Originally a consulting company supporting major banks with regulatory challenges and tackling financial crime, CDD has now developed an operating model that supports multi-jurisdiction regulatory compliance – with ethics at its core.
The CDD technology platform has its own machine learning capabilities and its compliance engine means clients can develop a personalised approach for customer-focused operations. This could involve customer management and onboarding, utilising ID technology such as facial recognition, biometric identification and passport validation, as well as safeguarding or any other regulatory compliance checks.
The company understood that analysis of personal data was central to its customer proposition, so committed to empowering individuals to manage and control their data, utilising the main CDD compliance platform, as well as through its new customer offering for safe personal data exchange, SafeGuarden.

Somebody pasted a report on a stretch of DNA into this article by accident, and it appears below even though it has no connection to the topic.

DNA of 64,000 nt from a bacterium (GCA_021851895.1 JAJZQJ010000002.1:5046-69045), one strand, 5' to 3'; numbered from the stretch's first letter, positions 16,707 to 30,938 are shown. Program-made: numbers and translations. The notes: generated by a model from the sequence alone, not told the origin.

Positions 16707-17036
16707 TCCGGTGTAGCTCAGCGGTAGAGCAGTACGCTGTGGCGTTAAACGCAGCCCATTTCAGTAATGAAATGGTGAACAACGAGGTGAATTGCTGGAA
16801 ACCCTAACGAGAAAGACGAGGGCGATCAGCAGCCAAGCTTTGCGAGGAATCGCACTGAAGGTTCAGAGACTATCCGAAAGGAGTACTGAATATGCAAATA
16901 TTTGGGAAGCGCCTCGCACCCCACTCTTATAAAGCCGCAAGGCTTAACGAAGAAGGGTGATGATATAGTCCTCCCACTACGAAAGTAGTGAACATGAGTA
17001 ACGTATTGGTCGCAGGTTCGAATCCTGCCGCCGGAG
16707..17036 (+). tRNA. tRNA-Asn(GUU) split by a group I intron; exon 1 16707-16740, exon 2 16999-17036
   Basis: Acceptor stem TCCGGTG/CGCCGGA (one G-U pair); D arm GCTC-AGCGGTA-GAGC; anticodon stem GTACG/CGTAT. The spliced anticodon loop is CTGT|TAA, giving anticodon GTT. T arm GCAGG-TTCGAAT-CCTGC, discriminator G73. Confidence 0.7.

Use of data
CDD’s systems mostly collect data – biometric data, passport details, driving licence and proof of address, for example – directly from the data subject, often as part of their engagement with businesses that provide regulated services. Other data collection comes via third-party providers who draw from reliable corporate data sources.
Working with the Government’s DCMS initiative, the Digital Identity & Attribute Trust Framework (DIATF) and by participating in the Information Commissioners Office (ICO) regulatory sandbox, the CDD service captures the data with consent and empowers individuals to safely share it using a digital wallet or digital identity.